Washington-based Jacana is a relatively new international charity, specialising in development projects that benefit Sub-Saharan Africa. Jacana's Build A Better Bicycle (BABB) project now needs a US or European bike-building partner. The BABB bike will be built in Africa and any partner would be involved on a commercial basis, with the possibility of grant-aid and the probability of profits. The tough-as-boots machine could also be marketed outside of Africa.

US charity seeks manufacturing partner for African tough bike

"Although Jacana is involved in this project for charitable reasons, there is likely to be significant opportunity for profit from the first African manufacturing facility and from subsequent franchising ofthe business model to smaller related markets," said Matthew Bader, US regional representative of Jacana.

"We are looking for small- to medium-scale manufacturers who have excellent R&D capacity and the ability to work outside the lines of what they normally do."

Bader told BikeBiz.com he wasn’t targetting the bigger bicycle corporations:

"We are not however snubbing them either, we just need to find the flexibility that smaller partners often have."

The objective of the BABB project is to commercialise a bicycle designed specifically for use in demanding African conditions.

"The bicycle must be tough and utilitarian, field-strippable, and must make maximum use of available local materials," said Bader.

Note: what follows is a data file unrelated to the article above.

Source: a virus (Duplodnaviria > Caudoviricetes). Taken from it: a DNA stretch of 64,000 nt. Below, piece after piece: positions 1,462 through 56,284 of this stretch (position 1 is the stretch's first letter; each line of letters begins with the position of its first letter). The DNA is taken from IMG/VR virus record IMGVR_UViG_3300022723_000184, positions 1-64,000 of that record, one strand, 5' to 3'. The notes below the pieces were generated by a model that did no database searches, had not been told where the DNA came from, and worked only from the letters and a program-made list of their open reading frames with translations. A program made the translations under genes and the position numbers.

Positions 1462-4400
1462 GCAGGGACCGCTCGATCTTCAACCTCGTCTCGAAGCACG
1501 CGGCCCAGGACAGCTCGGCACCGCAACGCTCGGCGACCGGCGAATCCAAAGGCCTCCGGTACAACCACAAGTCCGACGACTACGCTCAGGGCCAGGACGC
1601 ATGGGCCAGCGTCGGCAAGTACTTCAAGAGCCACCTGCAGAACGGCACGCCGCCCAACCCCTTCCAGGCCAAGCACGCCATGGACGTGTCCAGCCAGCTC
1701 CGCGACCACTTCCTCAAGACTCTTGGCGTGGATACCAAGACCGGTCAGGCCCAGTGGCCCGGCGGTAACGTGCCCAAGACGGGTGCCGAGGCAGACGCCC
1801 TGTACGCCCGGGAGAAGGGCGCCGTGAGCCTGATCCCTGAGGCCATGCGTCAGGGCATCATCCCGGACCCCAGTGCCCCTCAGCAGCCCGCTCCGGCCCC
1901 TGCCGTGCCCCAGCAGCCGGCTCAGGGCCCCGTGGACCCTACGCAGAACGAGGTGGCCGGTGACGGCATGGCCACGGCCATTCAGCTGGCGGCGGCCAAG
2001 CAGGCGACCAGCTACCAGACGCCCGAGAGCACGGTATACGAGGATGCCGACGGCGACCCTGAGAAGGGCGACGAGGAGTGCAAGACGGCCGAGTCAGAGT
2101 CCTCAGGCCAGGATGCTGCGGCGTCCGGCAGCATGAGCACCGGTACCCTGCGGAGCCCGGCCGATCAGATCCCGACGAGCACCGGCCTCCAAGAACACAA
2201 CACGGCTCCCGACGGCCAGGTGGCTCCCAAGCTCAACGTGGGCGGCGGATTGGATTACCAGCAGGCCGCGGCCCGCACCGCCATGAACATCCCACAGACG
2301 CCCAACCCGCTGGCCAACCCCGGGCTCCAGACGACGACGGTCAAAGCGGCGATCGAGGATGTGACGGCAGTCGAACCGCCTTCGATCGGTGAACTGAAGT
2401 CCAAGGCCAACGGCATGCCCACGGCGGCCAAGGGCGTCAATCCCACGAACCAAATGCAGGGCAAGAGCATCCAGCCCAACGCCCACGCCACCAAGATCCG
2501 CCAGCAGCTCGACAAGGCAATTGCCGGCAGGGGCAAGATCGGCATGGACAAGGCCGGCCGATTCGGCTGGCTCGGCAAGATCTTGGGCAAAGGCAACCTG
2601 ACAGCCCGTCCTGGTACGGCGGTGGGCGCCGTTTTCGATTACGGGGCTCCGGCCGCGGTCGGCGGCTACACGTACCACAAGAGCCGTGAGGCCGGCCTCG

"Our business plan dictates that we must carry out an extensive market study in order to establish reliable sales statistics and product information before moving on to commercialisation. We are seeking partners from the UK and US bicycle and bicycle-component manufacturing sectors to become involved in the feasability and market study. These partners would come together with Jacana, another sustainable transport sector expert, and a bank to conduct this study over the next year.

"Ideally the partners will have real-world experience in producing bespoke and innovative bicycle products for a wide variety of markets and uses, and of course an interest in transport and development in Africa."

Any partner could apply for start-up funding for such a project.

"There are several funding sources available for this type of project. Some are UK-government, some are public sector business-development funds," said Bader.

"There are transport-specific funds to be drawn upon. They have totally different scopes and terms and conditions. I will be meeting with a UK-government representative next week to discuss some funding from their side; they tend to make extensive efforts to eliminate risk to private-sector partners during the feasability study exercise."

Previous Jacana projects have received EU, UK, Irish, US, and World Bank funding, said Bader.

"We also receive donations from private sources, corporations, and foundations."

This is Jacana’s first bike project. The Afribike organisation is one of the BABB partners, having previously worked on the African distribution of the California Bike, a Trek-supported tough bike.

Email: mbader@jacanaworld.org



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